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'Journey to the Center of the Earth' (1959) - with Arlene Dahl in person


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Rediscover the Pre-CGI Screen Magic Of 1959's Classic

"Journey to the Center of the Earth"

Starring James Mason, Arlene Dahl & Pat Boone. Directed by Henry Levin.

(1959 - 132mins. - Color - 20th Century Fox)

 

A 50th Anniversary Screening Shown In 20th Century Fox's NEW Restoration Print

 

Hosted by its star, Ms. Arlene Dahl -- In Person!

 

At the Landmark Loew's Jersey Theatre

A Historic Movie Palace Now Open As A Non-Profit Multi-Discipline Arts Center

54 Journal Square, Jersey City, NJ 07306

Tel: (201) 798-6055 Web: www.loewsjersey.org Email: loewsjersey@gmail.com

 

Saturday, April 25 7:15PM

 

Post-screening interview & audience Q&A from the stage is included with regular admission to the film.

A pre-screening "Meet & Greet" reception with Ms. Dahl to benefit the Loew's from 5:45 to 7:00PM. A limited number of tickets are available for $20. Light refreshments will be served, and admission to the screening is included.

Space is limited for the Reception. Reservations are suggested. Call (201) 798-6055.

 

The Movie: A handsome professor-turned-explorer . . . Our hero running for his life in front of a huge, rolling bolder . . . A determined heroine . . . A treacherous villain plotting to steal the professor?s discovery. . . . Buried ruins and an ancient temple destroyed in a climactic earthquake. No ? we?re not talking about the Indiana Jones series. All of this and more is found in the visually spectacular ?Journey to the Center of the Earth? made in 1959, more than 20 years before Harrison Ford first donned that hat. See "Film Notes" below for more movie info.

Don't miss this chance to see this classic sci-fi & fantasy film, a family favorite for years, on the 50 foot W-I-D-E screen at the Loew's Jersey, with the movie's legendary eye-popping colors and spectacular W-I-D-E screen special effects fully restored!

 

Our Guest: After briefly working as a model, Arlene Dahl first acted on Broadway in 1945. The next year she was voted "Miss Rheingold of 1946", and began working at MGM the year after that. By 1948 Dahl was playing leads at MGM. In the tradition of such drop-dead-gorgeous redheads as Maureen O'Hara and Rhonda Fleming, Dahl often as not found herself cast in Technicolor swashbucklers, notably "Caribbean" (1952), "Sangaree" (1952) and "Bengal Brigade" (1953). In 1956 Dahl delivered an intimidatingly superb performance as a beautiful psycho in Allan Dwan's "Slightly Scarlet". Among some of her other best known films are "Reign of Terror", "Three Little Words", "A Woman's World" and of course "Journey to the Center of the Earth". She is the mother of actor Lorenzo Lamas, with her second husband Fernando Lamas. After the birth of her son, Ms. Dahl largely withdrew from acting, instead founding a business that marketed cosmetics and lingerie and becoming a columnist. In later years, she had a recurring role on TV's "One Life to Live". She has two other children in addition to Lorenzo.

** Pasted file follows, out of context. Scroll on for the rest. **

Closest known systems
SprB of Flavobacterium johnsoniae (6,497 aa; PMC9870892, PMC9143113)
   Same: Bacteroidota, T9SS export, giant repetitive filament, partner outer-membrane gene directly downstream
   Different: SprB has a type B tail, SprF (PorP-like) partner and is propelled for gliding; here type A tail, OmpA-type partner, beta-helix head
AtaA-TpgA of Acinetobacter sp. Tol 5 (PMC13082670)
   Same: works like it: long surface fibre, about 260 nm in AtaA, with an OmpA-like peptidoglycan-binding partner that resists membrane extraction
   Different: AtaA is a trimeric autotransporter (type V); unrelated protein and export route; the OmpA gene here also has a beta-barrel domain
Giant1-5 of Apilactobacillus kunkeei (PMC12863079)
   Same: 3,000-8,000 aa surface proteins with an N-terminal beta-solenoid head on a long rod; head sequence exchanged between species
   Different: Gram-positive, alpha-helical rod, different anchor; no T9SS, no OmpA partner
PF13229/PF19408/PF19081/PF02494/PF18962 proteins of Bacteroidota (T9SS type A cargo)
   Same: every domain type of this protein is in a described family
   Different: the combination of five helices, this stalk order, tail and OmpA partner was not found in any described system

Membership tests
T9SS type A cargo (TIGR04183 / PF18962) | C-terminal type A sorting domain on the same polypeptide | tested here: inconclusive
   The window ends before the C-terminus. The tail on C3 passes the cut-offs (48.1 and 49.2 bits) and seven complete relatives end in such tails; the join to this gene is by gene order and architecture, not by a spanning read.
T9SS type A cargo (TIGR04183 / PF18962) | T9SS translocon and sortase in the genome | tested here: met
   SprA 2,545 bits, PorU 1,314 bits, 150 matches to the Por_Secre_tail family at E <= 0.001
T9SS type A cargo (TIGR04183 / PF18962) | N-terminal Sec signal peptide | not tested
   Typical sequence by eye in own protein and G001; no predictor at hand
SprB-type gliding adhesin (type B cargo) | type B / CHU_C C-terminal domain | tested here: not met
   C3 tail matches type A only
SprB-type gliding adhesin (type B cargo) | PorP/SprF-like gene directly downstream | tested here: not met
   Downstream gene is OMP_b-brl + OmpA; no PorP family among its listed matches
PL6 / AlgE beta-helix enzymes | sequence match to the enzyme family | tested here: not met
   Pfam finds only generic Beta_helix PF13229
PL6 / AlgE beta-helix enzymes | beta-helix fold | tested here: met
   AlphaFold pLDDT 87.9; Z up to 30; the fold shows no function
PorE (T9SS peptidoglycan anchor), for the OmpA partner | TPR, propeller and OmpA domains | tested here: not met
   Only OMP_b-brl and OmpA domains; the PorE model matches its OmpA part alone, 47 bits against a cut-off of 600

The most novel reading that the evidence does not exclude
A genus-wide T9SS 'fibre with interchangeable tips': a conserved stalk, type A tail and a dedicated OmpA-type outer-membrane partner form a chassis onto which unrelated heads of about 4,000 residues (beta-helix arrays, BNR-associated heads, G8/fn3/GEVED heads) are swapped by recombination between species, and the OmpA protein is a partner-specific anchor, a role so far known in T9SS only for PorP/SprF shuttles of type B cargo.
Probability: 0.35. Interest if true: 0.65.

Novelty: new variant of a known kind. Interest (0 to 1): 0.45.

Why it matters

Admission: Tickets for the screening & interview are $7 for adults, $5 for seniors & children 12 years old and younger.

 

Tickets for the pre-screening reception with Ms. Dahl, beginning at 5:45PM, are $20. Reservations are suggested. Reserved tickets will be held at the door. Light refreshments will be served. Admission to the screening is included. Proceeds benefit Friends of the Loew's, Inc.

 

 

 

The Loew's Is Easy To Get To: The Loew's Jersey Theatre, at 54 Journal Square, Jersey City, NJ, is directly across JFK Boulevard from the JSQ PATH Center with trains to and from Lower and Midtown Manhattan and Newark's Penn Station, is minutes from the NJ Turnpike & easily reached by car or mass transit from throughout the Metro Area.

 

Half-price off-street parking is available in Square Ramp Garage adjoining the Loew's. Patrons present a coupon to garage attendant when they leave. Coupon is available at our box office.

 

What's Special About Seeing A Movie At The Loew's? The Landmark Loew's Jersey Theatre is one of America's grandest surviving Movie Palaces. We show movies the way they were meant to be seen: in a grandly ornate setting -- on our BIG 50 ft wide screen! The Loew's runs reel-to-reel, not platter, projection, which often allows us to screen an archival or studio vault print that is the best available copy of a movie title.

 

The Loew's Jersey is managed by Friends of the Loew's, Inc. as a non-profit, multi-discipline performing arts center.

 

For directions or more information: Call (201) 798-6055 or visit www.loewsjersey.org.

 

Classic Film Weekends are presented by Friends of the Loew's, Inc.

 

 

FILM NOTES